Why does my shoulder hurt?


With the days getting longer and warmer, this usually signals an increase in people doing maintenance jobs outside. For those of you who spend your work days sitting behind a desk, getting active outside on the weekend can be a high priority. We like to call people like you ‘weekend warriors’!

As physiotherapists, we are always encouraging people to be more physically active. As a population, we are all getting fatter and this poses serious risks to our long term health and wellbeing, as well as that of our children. So I don’t want to put you off being active and doing those jobs outside. But….at this time of year, we often see an increase in the number of shoulder injuries.

Why??

Well, many people attempt overhead jobs such as trimming trees, painting, cleaning gutters and the like. If you have not been very active over the winter months, and enjoyed comfort foods by the warm fire, chances are you have lost some strength and conditioning in your shoulder and back muscles. This means that when you are doing overhead work, you may not be doing it with the best technique or the best posture.

The result – overload on some structures within the shoulder, in particular the rotator cuff. If your rotator cuff gets overloaded, this can lead to subacromial impingement and bursitis, two conditions which are very common in shoulders. In severe cases, you can even get a tear in the rotator cuff (usually associated with some sort of trauma).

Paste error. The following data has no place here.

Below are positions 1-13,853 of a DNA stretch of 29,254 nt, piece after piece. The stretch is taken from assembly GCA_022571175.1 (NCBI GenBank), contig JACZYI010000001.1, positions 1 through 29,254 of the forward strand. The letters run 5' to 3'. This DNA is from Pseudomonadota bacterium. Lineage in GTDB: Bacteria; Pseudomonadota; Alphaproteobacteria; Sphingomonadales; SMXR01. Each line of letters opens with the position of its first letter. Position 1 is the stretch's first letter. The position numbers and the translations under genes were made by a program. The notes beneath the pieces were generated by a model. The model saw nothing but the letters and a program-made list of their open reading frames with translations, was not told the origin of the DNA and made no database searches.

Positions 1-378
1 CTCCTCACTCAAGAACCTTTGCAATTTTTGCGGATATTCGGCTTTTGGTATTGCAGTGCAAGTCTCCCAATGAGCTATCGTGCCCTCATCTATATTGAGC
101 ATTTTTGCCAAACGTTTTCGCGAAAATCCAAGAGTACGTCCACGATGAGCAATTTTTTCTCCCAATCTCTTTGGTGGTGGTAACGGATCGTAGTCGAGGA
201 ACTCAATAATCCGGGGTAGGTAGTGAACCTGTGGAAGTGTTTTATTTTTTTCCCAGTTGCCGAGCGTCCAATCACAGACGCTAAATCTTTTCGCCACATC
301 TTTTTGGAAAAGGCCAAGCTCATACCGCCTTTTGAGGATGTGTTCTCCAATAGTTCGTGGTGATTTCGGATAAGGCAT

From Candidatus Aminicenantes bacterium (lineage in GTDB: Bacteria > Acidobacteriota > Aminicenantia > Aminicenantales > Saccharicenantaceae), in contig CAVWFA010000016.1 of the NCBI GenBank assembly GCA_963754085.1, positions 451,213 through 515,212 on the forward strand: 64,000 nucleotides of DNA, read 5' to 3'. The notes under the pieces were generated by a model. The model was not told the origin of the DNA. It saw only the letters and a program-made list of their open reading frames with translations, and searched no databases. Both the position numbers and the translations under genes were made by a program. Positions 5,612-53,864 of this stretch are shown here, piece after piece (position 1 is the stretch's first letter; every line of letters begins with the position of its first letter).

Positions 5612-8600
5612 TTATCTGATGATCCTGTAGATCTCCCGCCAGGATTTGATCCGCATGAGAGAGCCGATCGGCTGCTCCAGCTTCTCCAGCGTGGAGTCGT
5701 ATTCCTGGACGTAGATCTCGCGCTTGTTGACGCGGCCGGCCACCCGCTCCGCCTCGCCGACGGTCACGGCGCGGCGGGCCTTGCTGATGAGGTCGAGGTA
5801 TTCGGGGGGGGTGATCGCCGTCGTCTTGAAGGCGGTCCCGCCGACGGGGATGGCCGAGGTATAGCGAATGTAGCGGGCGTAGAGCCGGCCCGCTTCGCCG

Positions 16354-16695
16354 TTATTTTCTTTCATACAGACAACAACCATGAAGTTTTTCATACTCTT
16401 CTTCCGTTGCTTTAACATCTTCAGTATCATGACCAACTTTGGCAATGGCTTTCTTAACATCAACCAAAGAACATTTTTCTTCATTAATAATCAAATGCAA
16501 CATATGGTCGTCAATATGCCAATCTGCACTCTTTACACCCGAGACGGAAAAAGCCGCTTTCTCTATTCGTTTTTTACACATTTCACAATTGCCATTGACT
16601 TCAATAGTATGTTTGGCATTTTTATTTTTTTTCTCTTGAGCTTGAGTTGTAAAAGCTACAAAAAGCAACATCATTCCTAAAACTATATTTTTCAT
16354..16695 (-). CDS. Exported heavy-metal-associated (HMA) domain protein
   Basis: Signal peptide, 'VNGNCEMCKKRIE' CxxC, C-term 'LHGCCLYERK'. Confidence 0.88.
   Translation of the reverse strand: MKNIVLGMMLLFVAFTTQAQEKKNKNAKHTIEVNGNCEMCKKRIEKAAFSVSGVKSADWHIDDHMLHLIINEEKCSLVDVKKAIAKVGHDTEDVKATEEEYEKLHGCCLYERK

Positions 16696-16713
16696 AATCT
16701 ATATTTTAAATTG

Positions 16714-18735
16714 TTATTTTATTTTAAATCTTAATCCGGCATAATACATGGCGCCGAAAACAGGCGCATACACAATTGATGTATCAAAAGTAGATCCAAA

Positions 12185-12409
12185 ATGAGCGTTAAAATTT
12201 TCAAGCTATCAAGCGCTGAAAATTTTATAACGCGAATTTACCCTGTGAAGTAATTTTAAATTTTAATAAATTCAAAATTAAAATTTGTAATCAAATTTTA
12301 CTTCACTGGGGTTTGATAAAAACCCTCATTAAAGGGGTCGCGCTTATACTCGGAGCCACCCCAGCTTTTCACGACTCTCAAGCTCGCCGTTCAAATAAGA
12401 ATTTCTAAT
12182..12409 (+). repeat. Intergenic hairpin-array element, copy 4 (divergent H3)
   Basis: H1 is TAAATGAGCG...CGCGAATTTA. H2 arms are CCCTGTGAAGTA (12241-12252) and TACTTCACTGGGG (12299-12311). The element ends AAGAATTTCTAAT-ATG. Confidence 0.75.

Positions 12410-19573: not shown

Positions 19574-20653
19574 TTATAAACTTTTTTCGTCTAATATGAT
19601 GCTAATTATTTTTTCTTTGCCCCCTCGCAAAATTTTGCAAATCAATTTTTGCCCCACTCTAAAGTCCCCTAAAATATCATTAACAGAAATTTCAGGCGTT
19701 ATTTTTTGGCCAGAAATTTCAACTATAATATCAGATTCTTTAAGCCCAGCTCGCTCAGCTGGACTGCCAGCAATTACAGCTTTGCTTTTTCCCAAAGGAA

What can you do about it?

Pay attention to your body and listen to your pain. If it hurts, think about what you are doing and why it might be hurting. If you are trying to lift something that is too heavy, get help. If you have been doing a job repetitively, take a break and come back to it later. If it still hurts, then have a longer rest, try icing your shoulder and letting it settle down. If it still hurts, then consider a physiotherapy appointment to check the structures of your shoulder. It may be that some simple shoulder strengthening exercises are all that is needed to get your shoulder back to normal. Sometimes, doing exercises for ‘maintenance’ of your shoulder can be very helpful in preventing aggravations in the future.

Want to find out more about shoulder injuries?

Speak to one of our physiotherapists today!

Angela Willsmore

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